The artillery cape’s power flickered and flared with light as she created and hurled it. Definitely an aerial sort of attack- as ground to ground it had trouble getting height and dipped downward fast, like throwing paper airplanes built to nosedive.
The riot shields were as useful as anything, when it came to the lighting. The laser and the forcefield were another big help.
Someone audibly tore a chunk of Stonewall’s costume off. He began to climb out, reached out, groping, and found my shoulder.
“What do you call yourself?” I asked into the darkness. I could barely hear myself over the noises around us. I could barely breathe to utter the words. The battery indicator on the shield had an unfair share of my attention. Without it I’d have to use the Wretch in an environment where I wasn’t sure where all of my allies were.
“Sarah,” was the answer.
“No cape name?”
“Photon for now.”
“Not Lady Photon?”
The response was drowned out, but I was pretty sure it was ‘someday’.
For a short while, there was only the effort, trying to stay sane and focused on what needed focus while fighting in the dark against an army that could see.
She didn’t ask about Crystal. She didn’t ask about me.
Didn’t ask about mom, dad, or how we’d gotten on.
“I think she might be here. She would have joined and I didn’t hear from-”
“She’s at the far end.”
A lot of the guns being used by the thralls in the dark were dark. No glowing chambers, no glowing projectiles, no muzzle flashes. The only signs they were being used were when our defensive squadron was pummeled, wounded, or knocked flat. Blood splattered against one side of my face.
“Hit,” was the guy’s grunt. “F-ffuck. Muh face.”
“Stonewall’s all the way out! Fighting retreat!” Balk called out. “Someone get our wounded!”
‘Sarah’ pushed past me, touching my arm in a way that suggested she could see me enough.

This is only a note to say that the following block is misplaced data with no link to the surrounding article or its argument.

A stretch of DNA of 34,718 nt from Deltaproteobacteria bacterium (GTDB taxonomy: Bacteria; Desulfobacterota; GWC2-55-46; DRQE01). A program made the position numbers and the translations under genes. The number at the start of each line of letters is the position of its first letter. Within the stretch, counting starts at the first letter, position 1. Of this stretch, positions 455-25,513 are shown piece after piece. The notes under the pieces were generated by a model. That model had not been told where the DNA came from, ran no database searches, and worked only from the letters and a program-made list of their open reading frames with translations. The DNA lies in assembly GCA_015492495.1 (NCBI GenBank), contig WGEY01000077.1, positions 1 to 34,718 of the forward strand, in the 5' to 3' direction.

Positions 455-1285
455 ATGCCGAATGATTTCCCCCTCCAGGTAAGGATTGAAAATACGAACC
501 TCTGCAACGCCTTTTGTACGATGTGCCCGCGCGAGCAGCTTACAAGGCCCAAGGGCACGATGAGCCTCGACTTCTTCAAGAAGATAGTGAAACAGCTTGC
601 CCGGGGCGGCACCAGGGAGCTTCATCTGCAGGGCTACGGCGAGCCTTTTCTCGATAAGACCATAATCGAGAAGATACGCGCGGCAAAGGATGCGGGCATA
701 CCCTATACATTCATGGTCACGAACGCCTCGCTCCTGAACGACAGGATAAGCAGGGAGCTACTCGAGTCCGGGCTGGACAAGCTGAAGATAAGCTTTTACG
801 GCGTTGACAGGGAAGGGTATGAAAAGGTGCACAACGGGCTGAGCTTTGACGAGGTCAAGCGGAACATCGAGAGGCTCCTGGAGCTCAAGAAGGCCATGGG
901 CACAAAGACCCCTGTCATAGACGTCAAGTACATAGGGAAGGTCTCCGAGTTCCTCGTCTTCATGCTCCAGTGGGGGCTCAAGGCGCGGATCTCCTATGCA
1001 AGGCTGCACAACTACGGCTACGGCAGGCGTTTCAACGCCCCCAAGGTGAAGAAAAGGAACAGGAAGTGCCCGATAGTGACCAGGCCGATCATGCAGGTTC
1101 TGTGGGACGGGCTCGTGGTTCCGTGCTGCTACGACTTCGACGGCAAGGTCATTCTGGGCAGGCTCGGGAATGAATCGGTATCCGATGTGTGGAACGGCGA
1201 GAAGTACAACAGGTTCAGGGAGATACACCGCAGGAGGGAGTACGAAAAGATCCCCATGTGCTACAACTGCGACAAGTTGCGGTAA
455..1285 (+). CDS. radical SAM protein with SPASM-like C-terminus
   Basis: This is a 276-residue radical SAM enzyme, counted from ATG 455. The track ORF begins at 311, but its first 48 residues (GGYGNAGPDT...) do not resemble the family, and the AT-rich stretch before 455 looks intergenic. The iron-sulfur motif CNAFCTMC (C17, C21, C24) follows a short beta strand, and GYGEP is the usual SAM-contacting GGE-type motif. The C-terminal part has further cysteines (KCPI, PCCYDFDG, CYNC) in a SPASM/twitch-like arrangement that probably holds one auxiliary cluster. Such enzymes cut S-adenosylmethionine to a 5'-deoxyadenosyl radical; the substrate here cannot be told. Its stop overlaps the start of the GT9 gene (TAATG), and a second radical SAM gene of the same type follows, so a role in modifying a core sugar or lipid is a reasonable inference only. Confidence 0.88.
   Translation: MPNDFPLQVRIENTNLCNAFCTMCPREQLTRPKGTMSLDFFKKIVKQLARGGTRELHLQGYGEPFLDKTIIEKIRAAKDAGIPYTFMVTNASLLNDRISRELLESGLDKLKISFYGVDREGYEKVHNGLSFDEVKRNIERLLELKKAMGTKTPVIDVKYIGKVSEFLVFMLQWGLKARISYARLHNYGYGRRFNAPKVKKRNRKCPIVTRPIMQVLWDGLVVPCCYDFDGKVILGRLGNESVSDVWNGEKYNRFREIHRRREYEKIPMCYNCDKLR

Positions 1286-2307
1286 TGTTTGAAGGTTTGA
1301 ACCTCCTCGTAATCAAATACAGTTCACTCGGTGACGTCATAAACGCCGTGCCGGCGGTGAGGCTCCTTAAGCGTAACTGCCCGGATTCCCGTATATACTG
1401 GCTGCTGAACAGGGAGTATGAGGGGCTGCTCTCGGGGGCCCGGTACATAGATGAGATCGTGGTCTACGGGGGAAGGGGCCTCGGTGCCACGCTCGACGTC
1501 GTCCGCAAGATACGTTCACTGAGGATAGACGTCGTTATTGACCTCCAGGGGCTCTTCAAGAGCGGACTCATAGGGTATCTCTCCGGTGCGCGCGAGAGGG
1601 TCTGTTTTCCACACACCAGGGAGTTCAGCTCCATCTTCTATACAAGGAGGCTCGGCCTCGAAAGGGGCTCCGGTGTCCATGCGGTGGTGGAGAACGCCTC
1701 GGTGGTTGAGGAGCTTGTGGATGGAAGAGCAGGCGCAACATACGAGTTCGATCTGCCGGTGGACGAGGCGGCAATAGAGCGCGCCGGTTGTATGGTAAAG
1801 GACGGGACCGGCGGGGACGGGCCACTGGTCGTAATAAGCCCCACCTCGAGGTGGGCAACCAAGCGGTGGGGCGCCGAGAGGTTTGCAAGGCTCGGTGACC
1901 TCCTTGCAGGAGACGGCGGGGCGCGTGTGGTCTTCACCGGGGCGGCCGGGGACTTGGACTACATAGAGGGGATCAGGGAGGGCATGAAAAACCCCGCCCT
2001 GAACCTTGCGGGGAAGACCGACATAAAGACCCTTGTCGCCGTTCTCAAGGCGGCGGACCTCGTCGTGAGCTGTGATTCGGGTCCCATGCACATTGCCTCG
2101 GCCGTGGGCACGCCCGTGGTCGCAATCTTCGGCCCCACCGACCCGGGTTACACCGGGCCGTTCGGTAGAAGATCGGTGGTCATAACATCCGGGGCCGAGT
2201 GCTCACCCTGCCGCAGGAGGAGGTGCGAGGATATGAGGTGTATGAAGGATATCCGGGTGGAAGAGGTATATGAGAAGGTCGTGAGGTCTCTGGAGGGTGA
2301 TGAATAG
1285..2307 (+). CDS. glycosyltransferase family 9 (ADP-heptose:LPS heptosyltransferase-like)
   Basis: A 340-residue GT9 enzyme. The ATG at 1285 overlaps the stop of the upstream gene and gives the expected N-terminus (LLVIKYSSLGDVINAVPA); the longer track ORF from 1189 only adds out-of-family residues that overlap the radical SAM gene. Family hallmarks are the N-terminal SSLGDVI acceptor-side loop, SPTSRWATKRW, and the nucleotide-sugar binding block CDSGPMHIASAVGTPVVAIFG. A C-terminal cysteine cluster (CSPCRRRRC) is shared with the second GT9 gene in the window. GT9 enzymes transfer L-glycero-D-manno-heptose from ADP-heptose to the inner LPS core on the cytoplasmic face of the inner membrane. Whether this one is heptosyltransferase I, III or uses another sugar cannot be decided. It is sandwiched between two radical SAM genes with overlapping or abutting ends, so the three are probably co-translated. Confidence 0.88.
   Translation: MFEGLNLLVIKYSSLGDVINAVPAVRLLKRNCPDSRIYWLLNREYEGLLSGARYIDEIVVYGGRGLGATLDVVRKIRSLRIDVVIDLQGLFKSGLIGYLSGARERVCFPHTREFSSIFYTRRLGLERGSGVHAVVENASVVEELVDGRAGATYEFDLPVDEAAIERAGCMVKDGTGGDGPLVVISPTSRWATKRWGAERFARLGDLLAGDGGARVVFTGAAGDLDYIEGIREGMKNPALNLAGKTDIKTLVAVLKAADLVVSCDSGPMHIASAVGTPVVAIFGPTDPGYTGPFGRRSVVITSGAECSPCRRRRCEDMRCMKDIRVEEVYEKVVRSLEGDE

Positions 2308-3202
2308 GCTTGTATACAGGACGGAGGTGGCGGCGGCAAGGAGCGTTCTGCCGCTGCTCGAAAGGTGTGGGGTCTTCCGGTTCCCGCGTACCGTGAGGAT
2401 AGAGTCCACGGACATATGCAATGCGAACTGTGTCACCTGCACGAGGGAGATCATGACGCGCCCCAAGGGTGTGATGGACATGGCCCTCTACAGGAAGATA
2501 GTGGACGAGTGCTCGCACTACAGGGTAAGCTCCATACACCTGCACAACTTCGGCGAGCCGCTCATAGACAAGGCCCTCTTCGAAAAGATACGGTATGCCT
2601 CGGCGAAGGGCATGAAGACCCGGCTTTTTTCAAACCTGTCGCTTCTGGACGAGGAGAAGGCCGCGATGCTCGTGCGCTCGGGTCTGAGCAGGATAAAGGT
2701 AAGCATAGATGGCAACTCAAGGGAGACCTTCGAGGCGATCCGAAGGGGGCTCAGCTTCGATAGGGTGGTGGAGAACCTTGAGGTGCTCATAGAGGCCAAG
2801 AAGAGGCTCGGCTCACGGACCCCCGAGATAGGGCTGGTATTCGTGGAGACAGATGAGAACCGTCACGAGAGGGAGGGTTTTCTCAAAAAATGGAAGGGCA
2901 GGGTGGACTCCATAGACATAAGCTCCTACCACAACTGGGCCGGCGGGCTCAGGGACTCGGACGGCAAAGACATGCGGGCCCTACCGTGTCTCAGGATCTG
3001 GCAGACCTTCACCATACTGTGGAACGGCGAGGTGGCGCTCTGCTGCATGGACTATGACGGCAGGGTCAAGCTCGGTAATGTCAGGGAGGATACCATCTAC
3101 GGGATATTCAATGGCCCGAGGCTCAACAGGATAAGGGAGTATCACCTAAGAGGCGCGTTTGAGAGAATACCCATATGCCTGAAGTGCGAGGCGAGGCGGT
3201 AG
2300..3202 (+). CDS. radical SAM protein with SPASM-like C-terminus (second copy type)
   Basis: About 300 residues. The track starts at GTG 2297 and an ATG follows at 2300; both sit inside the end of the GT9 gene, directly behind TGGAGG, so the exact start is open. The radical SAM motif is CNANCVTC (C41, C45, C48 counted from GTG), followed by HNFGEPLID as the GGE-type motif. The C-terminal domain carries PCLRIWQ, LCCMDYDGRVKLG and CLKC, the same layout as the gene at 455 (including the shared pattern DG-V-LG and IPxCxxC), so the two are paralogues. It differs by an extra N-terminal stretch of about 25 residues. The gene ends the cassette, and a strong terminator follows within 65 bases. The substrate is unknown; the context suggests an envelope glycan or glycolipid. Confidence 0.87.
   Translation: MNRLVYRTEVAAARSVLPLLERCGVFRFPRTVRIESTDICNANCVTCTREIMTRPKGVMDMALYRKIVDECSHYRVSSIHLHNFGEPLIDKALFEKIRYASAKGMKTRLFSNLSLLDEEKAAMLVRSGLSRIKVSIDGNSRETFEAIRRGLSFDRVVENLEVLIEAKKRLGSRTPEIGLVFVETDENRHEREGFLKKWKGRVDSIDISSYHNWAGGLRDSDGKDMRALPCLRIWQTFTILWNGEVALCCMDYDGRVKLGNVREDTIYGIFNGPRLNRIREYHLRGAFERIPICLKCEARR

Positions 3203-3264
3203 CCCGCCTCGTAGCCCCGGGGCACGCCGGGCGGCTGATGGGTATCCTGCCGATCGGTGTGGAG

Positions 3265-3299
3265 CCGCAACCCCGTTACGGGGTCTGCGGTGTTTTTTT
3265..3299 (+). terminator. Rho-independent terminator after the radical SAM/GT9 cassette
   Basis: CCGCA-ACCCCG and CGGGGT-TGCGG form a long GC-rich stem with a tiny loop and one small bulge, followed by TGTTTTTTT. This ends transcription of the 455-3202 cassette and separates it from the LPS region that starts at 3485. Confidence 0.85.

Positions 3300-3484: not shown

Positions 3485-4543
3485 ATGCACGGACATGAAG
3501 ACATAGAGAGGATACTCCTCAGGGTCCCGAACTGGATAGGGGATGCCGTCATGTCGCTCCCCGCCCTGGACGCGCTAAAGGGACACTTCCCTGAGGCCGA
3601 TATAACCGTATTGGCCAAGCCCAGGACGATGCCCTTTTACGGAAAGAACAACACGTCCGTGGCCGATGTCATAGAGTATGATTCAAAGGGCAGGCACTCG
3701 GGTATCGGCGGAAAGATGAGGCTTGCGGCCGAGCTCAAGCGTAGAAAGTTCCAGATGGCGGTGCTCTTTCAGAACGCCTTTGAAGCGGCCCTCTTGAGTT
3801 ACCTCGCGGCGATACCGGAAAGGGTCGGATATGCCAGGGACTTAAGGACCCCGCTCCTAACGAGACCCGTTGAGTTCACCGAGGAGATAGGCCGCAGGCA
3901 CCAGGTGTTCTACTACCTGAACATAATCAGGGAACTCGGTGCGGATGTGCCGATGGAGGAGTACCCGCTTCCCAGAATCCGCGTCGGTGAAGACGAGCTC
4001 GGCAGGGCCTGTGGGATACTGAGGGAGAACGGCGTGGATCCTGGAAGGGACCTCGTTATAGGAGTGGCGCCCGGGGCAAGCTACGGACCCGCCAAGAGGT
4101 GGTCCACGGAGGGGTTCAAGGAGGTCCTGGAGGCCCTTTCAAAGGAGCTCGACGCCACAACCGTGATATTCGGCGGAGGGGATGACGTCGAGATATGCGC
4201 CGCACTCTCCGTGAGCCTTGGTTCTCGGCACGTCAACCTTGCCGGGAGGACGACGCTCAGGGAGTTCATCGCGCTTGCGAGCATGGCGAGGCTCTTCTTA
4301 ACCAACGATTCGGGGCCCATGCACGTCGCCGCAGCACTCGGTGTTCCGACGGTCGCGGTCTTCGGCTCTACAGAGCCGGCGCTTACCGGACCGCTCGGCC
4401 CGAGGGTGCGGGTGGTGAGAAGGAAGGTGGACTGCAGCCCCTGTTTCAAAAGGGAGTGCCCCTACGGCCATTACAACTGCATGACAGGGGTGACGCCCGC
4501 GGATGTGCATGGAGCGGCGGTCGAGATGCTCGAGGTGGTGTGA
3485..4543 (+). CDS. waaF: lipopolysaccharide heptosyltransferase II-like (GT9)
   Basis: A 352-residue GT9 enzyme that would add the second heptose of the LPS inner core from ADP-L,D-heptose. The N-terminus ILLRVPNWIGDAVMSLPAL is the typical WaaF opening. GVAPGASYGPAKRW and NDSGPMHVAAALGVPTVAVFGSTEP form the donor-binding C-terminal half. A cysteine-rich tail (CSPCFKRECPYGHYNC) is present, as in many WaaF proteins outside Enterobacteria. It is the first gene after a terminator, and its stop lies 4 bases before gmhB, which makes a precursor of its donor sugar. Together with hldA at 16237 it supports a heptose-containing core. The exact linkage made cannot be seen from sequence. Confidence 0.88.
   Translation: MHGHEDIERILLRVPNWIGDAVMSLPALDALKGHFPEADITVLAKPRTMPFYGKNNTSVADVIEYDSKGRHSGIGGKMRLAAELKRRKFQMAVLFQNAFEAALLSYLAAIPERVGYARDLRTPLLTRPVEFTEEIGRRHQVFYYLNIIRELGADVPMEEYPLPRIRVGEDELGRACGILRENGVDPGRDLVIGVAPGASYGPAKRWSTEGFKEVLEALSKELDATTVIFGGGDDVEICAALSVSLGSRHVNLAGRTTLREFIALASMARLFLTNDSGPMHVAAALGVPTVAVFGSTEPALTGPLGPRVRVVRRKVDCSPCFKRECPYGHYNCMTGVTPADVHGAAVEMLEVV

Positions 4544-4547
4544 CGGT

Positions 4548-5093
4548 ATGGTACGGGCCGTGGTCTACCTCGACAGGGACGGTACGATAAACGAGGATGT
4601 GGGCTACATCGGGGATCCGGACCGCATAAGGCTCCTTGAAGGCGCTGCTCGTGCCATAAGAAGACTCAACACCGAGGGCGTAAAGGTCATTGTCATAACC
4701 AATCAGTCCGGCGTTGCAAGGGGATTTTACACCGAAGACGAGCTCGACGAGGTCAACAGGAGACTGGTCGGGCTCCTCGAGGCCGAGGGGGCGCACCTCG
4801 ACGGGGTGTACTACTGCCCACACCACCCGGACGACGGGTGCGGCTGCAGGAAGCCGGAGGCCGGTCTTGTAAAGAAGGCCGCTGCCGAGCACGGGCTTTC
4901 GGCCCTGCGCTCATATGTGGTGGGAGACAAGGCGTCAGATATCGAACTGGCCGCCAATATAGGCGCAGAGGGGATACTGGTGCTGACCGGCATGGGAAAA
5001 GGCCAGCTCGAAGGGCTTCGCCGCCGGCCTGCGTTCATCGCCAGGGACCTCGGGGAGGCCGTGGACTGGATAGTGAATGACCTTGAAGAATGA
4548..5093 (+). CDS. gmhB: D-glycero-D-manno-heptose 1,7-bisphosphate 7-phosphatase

I couldn’t think of what to say, or what to do. The flash of the indicator and the hum of the shield I was carrying dying distracted me. The shield was next to useless now, and I had to do my part.
“Keep your distance from me if you can,” I said.
I stepped away from the group, away from Sarah, and knelt down, head down, activating the Wretch, hoping I wouldn’t take too much fire.
I went to your funeral, I thought. After Gold Morning. You meant so much to us and we couldn’t even properly grieve, because there were so many people who needed the chance to hold services. I put flowers on your doorstep every time I went to old Brockton Bay.
I looked away, tried to get a sense of directionality. There were powers being lobbed at the rank and file, bright enough to be seen in the darkness. I could see where tech was being used to diffuse the impacts, break it up, or limit the damage.
It wasn’t as easy as using a single big, wide-area power.
We retreated, using guiding lights of powers as an indicator. Ashley’s eyes glowed white in the dark. I could see the single eye of Sveta’s, Precipice’s, and Capricorn’s, and the crack across Precipice’s mask.
Into the hallway, which had been more or less cleared. Capes were fighting further up, and capes were fighting behind us.
But in the meantime, we had some light, and we had a chance to breathe, spacing out enough that we could find our individual groups.
I almost dropped to a sitting position as I got to the others, and I hadn’t been running around much.
Byron made water, filling a container, than drank it. He capped it, tossed it into the air, and changed to Tristan. Tristan caught it and drank more. At a nudge from Sveta, he handed it over.
“My brother can make water if anyone needs a resupply,” he called out.
“Let us finish what we have,” Gong said. “We’ll take you up on that.”
“Sveta did us all proud,” Ashley said. “She cleared half of this hallway herself.”
“Did I? Sorry, I don’t want to sound like I’m fishing for compliments-”
“I’ve always felt you should claim every compliment you can get.”
“-but my control slipped some.”
“You handled it. You did well.”
“I’d like to think so. I hope so. I feel like I’m closer to being the hero I want to be. I wish it was a little less bloody.”
“Don’t we all?” one of the capes from Gong’s group asked.
“It means a lot that you’d say it, though. Thank you, Swansong.”
“What’s the standard way to compliment you, Swan?” Precipice asked. “Florid, exaggerated? I’d probably come across like a sniveling cartoon toady to the big bad guy if I tried.”
“You’re nowhere near that,” Sveta said.
“As fun as it would be to hear you try,” Swansong added, “I wouldn’t worry. Complimenting me risks belaboring the obvious.”
“Wow,” Tristan said.
“You did okay, Swan,” I said. “Not a lot you can do with a lethal power and this situation.”
She made a noise of assent.
“And you?” Sveta asked. She found a position next to me. “Your hand is bleeding.”
It was. Whatever. Not enough to matter.
“Talked to Aunt Sarah.”
“And it was eerie. I’m not sure how to put it.”
Like something was missing.
She laid her head against my shoulder, being careful of the spikes.
Catching our breath. Touching base, going back to the old therapy circle of group reaffirmation, maybe.